Holcomb also signed into law on Thursday a bill that could make it easier to ban books from public school libraries, staff at which would be required by July 1 to publicly post a list of books they offer and provide a complaints process for community members. Schools and librarians could also no longer argue, as a legal defense, that the texts in their libraries have “educational” value. The law would still allow them to argue the text has literary, artistic, political or scientific value. Those who supported the legislation expressed concern that sexually inappropriate or “pornographic” materials are available to children in school libraries.

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8 thoughts on “Holcomb signs 91 more bills, finishes session without veto

  1. I find it odd that the MASSIVE double digit percentage pay raises granted for Indiana’s Executive Branch Office Holders in this just enacted budget bill is not mentioned in this article. Our autocratic Republican legislature leaders did that behind closed doors without any public notice or hearings . While also denying a 1% cola increase to retired State Employees.

    1. As so accurately pointed out on IWIR (Thank you Ann), even with the resulting increases (near $200,000 for the Gov) they will still be eligible to receive Private School Vouchers under the Legislature and Gov’s increased income eligibility guidelines. Clearly another piece of the ongoing plan to eliminate our Public School System. Once known as the American Equalizer.
      It’s also worth noting that the Private Schools continue to receive tax monies while being exempt from most of the laws, guidelines and regulations the Public Schools are required to follow.

  2. It appears that after 2 terms (legal limit) of serving as a somewhat Old School moderate Republican (aka extinct), it is time for the Gov to change. That is, if he expects to have any chance of being elected in any future Republican primary election.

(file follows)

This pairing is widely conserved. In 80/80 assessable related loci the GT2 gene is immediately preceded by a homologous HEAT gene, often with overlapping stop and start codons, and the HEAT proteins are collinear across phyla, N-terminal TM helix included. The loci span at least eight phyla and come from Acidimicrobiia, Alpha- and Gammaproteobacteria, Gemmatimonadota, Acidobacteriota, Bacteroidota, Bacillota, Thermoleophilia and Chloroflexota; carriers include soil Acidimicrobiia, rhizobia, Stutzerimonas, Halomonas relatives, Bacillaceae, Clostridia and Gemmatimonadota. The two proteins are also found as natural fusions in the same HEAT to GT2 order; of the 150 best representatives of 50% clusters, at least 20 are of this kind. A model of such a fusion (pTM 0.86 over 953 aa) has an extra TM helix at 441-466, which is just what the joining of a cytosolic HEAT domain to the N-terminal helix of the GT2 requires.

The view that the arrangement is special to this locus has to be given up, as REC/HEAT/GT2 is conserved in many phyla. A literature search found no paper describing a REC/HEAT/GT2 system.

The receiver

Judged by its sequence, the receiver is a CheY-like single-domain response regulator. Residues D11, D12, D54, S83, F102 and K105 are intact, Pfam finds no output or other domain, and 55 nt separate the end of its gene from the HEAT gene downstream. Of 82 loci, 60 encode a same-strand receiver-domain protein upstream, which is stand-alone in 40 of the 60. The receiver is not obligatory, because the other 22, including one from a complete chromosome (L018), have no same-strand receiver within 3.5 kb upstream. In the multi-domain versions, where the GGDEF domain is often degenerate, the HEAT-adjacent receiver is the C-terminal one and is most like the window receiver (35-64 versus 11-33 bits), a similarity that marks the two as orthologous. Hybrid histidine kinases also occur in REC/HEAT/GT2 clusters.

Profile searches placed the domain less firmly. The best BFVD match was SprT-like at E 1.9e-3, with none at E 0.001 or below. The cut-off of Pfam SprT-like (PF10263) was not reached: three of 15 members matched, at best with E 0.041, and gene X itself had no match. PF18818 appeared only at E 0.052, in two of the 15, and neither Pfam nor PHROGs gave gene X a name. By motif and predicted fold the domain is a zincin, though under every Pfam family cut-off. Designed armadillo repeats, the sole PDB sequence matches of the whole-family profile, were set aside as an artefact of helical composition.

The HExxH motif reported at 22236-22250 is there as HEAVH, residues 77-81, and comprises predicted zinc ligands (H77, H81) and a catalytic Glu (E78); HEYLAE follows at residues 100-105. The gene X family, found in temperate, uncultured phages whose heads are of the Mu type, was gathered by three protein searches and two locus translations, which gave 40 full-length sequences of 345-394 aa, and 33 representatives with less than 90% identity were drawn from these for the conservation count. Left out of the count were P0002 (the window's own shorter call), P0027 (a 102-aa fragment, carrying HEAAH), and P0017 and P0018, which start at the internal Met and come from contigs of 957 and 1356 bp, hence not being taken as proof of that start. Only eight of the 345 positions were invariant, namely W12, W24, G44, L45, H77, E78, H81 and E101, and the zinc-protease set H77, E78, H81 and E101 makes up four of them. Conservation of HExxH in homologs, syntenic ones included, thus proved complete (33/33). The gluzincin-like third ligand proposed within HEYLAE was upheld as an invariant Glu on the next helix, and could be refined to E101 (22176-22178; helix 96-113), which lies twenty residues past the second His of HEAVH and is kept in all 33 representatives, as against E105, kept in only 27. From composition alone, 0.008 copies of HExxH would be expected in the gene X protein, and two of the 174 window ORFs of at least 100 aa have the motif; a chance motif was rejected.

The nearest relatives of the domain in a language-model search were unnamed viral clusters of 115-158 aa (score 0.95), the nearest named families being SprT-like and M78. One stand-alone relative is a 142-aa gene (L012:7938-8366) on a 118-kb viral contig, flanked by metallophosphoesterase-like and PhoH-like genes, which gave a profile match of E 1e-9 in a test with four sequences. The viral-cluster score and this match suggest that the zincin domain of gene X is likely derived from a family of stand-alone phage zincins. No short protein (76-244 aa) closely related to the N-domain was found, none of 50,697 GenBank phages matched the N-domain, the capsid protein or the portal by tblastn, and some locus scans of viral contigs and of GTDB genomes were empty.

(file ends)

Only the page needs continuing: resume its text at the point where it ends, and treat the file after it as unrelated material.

I assume his calculation is heavily based on him often being labeled as a RINO by the extreme Right Wing majority in his party, who create solutions to problems that do not exist. Their reason? To create the illusion that their political opposition supports continuing these non-existent problems.
    Example, can anyone name a school in Indiana that teaches Sexuality and Gender to their students in Kindergarten thru the Third Grade?

  3. Nancy H., Exactly what did Holcomb sign that you’d classify as “RIGHT WING”? For that matter, how do you define right wing? And no one is eliminating Public School Systems. But many Public School Systems in challenged areas are failing their students and communities. For those students, private school vouchers are the American Equalizer, and those benefits should be available to the tax-paying middle class as well as the less fortunate.

    1. Private school vouchers for the upper (white) middle class, book bans, LGBTQ discrimination, taking local control away from cities and towns…

  4. Stunning. Simply stunning. 252 bills enacted this year. Did we really need 252 more laws? How in the world did this State ever get by the last few years without these additional laws and rules? And there were 1200 bills proposed! That is an average of eight proposals from each and every State congressman. Thank God their position is not their full time job. Who know what more they could dream up.

  5. Teacher discussion bill sponsors called it “deregulation.” (SB486) Really? The only thing left that hasn’t been dismantled is wages and benefits. Discussion teams over time will fade away. The Indiana Legislature just exacerbated the teacher shortage.

  6. They dismantled those in their 2012 Session when they made Indiana a “Right to Work” State. More accurately describd as the Right to Work for Less.